Sir Michael Caine CBE

Sir Michael Caine has been an established actor since the 1950s, and while some might be held back for a distinctive Cockney accent, Caine thrived with his. Throughout his seven decades of work, he's appeared in more than 170 works and has won numerous awards. His mantle is home to BAFTA awards, a Screen Actors Guild award, two Academy Awards, three Golden Globes, and many more. Caine appeared in several high-profile films throughout his career, though most remember him from "Kingsman: The Secret Service," the "Dark Knight" trilogy, and "Interstellar."

Queen Elizabeth II knighted Caine in November 2000, but according to The Irish Times, there were questions over how to address him properly because the actor was knighted under his birth name, Maurice Joseph Micklewhite. This isn't how he's known to anyone. After the ceremony at Buckingham Palace, the actor was asked how he'd prefer to be addressed, and he said, "I'm both, but I will use Sir Michael Caine." The Guardian reported that Caine's name was previously added to the Queen's birthday honors by then-Prime Minister Tony Blair.

Since being knighted a CBE, Caine has continued to work in high-profile films after decades of success, playing Arthur Tressler in each of the "Now You See Me" films. Caine turned 89 in 2022, and all indications are that he has no plans to retire.

Sir Kenneth Charles Branagh

Sir Kenneth Branagh is a classically trained actor who's been entertaining the masses since the early 1980s. His early work includes numerous Shakespearean adaptations he starred in and directed, including "Henry V," "Hamlet," and "As You Like It," among others. He often takes leading and supporting roles, including playing Gilderoy Lockhart in "Harry Potter and the Chamber of Secrets." He also directed the first "Thor" film, so he's been a part of the Marvel Cinematic Universe (MCU) for quite some time.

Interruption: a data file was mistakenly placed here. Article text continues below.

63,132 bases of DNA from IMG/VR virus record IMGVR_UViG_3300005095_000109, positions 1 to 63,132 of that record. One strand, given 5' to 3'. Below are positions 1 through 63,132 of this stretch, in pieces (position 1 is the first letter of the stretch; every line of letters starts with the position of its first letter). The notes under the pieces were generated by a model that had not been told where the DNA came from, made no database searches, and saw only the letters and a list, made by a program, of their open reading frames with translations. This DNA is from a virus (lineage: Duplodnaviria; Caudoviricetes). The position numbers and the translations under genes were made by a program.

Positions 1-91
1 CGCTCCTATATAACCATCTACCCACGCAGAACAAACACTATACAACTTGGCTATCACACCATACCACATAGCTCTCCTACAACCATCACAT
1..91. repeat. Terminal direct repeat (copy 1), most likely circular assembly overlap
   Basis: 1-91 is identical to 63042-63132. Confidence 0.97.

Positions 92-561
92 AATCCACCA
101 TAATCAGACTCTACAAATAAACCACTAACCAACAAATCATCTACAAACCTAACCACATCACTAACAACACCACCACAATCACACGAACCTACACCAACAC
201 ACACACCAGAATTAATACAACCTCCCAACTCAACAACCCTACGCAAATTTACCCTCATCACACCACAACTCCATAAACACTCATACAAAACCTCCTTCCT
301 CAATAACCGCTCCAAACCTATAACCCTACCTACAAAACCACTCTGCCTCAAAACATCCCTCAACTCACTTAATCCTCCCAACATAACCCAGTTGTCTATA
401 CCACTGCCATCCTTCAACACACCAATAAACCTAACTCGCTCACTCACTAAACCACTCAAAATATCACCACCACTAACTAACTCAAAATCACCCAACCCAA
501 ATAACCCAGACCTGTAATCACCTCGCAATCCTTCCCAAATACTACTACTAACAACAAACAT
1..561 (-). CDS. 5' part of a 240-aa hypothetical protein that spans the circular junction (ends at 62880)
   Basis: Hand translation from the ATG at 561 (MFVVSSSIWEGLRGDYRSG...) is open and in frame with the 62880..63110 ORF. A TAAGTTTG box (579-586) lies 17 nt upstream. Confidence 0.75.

Branagh is another actor with more awards and nominations than he knows what to do with. Over the course of his career, he's been nominated in seven different Academy Award categories, making him the first person to do so. Thus far, he's only taken one statue home: he received the Oscar for best original screenplay for 2011's "Belfast." The Queen of England honored this writing, acting, and directing marvel at her 2012 Birthday Honors.

When he received his knighthood, Branagh told the BBC, "I feel very humble about it, I feel elated about it. It would be an amazing thing at any time. In the Jubilee Year... it's very, very special." In addition to his knighthood, he was recognized in his native city of Belfast, Ireland, in 2017 when he was made a Freeman of the City. The honor is given to celebrities and dignitaries, and it's one he shared with Queen Elizabeth II, according to the Belfast City Council.